We don’t know much for sure about Fuentes yet. If you don’t trust that short stint with the bat, fine. And if you don’t think he’s going to develop enough power to make even his quality contact rates amount to anything more than league average, fair enough.

Yet two things are certain about Fuentes: Dude can straight pick it at first (or third) and people have been doubting him his whole career, going undrafted and serving as a bench player in the minors before grasping hold of his own destiny.

Oh, and a third thing… he keeps prove the doubters wrong.

IF/OF Garrett Hampson

Hampson may be one of the least exciting players in this group in terms of his maximum potential. He isn’t going to slug, meaning that the majority of his value will come from his defense, elite speed, and a contact tool that has yet to show up in the Bigs the way it did in the minors.

Still, the super utility man brings a ton of value with his positional flexibility, playing a solid centerfield that improves by the day as well as an excellent middle infield. The baserunning abilities will cause havoc if he can just get on base enough.

His career .690 OPS is either the doom of all his other skills or a sign that things can only get better where he struggles the most.

Like a lot of these guys, it feels as if Hampsonhas been around long enough to prove himself and just hasn’t managed it. With just 182 games with 559 plate appearances under his belt, he’s effectively still a sophomore in MLB.

The runner from Reno, NV debuted with Colorado a little more than two years after being drafted. During his spell in the minors, Hampson put up an OPS of .837 and it’s reasonable to expect that he is still adjusting and maturing into the best version of himself this early in his Major League career.

OF Sam Hilliard

The same can be said for Hilliard who didn’t have the consistency that Hampson or Rodgers did in the minors but did flash extraordinary potential.

You don’t have to look hard to find it. In a polar opposite realm to Tapia, Hilliard brings a ton of power and just as much swing-and-miss.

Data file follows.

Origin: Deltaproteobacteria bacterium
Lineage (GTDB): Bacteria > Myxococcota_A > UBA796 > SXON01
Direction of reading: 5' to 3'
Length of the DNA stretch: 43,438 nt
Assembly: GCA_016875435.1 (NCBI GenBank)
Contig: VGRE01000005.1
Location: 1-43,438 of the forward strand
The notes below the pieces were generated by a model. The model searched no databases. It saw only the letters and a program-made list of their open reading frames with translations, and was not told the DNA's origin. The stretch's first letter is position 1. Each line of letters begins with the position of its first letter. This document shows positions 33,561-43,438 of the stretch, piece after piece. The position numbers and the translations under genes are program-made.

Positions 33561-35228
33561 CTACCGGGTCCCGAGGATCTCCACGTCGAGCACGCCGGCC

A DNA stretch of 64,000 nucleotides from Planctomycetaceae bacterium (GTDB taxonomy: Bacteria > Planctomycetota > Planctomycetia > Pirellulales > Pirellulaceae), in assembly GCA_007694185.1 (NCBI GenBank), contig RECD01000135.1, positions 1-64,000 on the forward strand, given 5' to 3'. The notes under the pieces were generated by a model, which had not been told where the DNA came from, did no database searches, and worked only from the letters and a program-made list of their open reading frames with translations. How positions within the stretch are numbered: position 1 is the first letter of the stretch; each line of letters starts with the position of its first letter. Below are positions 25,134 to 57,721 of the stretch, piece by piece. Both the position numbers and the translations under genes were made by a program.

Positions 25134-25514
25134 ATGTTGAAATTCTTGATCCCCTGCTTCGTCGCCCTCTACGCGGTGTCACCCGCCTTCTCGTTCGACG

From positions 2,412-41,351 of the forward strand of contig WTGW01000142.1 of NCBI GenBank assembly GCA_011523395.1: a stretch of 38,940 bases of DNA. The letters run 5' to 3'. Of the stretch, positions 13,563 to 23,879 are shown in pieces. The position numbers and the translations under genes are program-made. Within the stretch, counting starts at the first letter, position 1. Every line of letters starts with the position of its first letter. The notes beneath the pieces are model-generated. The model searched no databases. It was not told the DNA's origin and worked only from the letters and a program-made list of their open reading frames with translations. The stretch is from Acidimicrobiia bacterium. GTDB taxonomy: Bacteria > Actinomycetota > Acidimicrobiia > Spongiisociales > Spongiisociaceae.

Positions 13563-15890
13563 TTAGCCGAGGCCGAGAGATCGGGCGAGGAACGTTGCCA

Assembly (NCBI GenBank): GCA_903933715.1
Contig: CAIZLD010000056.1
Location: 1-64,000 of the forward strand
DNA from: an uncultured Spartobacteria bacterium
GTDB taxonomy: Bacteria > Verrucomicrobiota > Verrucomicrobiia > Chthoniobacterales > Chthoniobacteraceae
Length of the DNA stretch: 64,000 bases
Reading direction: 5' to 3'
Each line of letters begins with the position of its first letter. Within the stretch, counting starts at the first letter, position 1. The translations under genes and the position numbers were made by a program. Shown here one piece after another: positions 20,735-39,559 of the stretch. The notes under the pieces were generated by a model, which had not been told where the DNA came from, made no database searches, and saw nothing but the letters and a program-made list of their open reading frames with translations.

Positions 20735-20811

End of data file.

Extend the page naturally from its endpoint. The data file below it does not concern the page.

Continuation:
This has been the case his whole pro career. While it’s been a growing trend inside the game as part of the three-true-outcomes, it probably won’t be coming to an end for Hilliard.

The question is whether or not Hilliard can lock in with enough contact to hit in the .250-.270 range while providing 20+ home runs and 20+ stolen bases or if the strikeouts will keep him from ever reaching those plateaus.

With just 201 plate appearances in MLB, we’ve barely seen what he can do. We have two small sample sizes to compare: a blistering 27-game start where he put up an OPS of 1.007 and a frustrating 36-game follow-up where it dropped down to .701.

If he can split the difference, Colorado has a quality outfielder at an unbeatable price. If he can’t, the longshot 15th-round pick is still a close proximity to a Cinderella story.

Like Fuentes, Hilliard loves to prove the doubters wrong. Should he continue in 2021, the Rockies will have a real impact power hitter ready to add to their lineup that hardly anyone is talking about.

RHP Jairo Díaz

Nobody feels great about Jairo Díaz right now. Least of all, Jairo Díaz.

One of the biggest victims on this roster of the 60-game, small sample size, 2020 season, this time last year the flame throwing Puerto Rican national was one of the best reasons to feel good about the Rockies bullpen.

In 2019, while just about everyone else in the bullpen was falling apart around him, Díaz become a workhorse for Black’s bullpen. His first full year of work after recovering from Tommy John surgery and the tragic loss of his wife saw him jump right into the fire of Coors Field and handle it better than most.

He pitched 57.2 innings, posting an ERA+ of 114, even finishing out the year as the defacto closer for the team, collecting five saves and only blowing one in that role.

But he was just never himself in 2020. Appearing healthy the whole time, his command deserted him and his walk rate ballooned to 6.30. That’s more than three walks per nine innings more than at any other time in his pro career in Colorado.

As a result, in 20 innings of work his ERA+ plummeted to a dismal 70 rating.

This is the pitching version of Sam Hilliard. Great start. Awful follow up.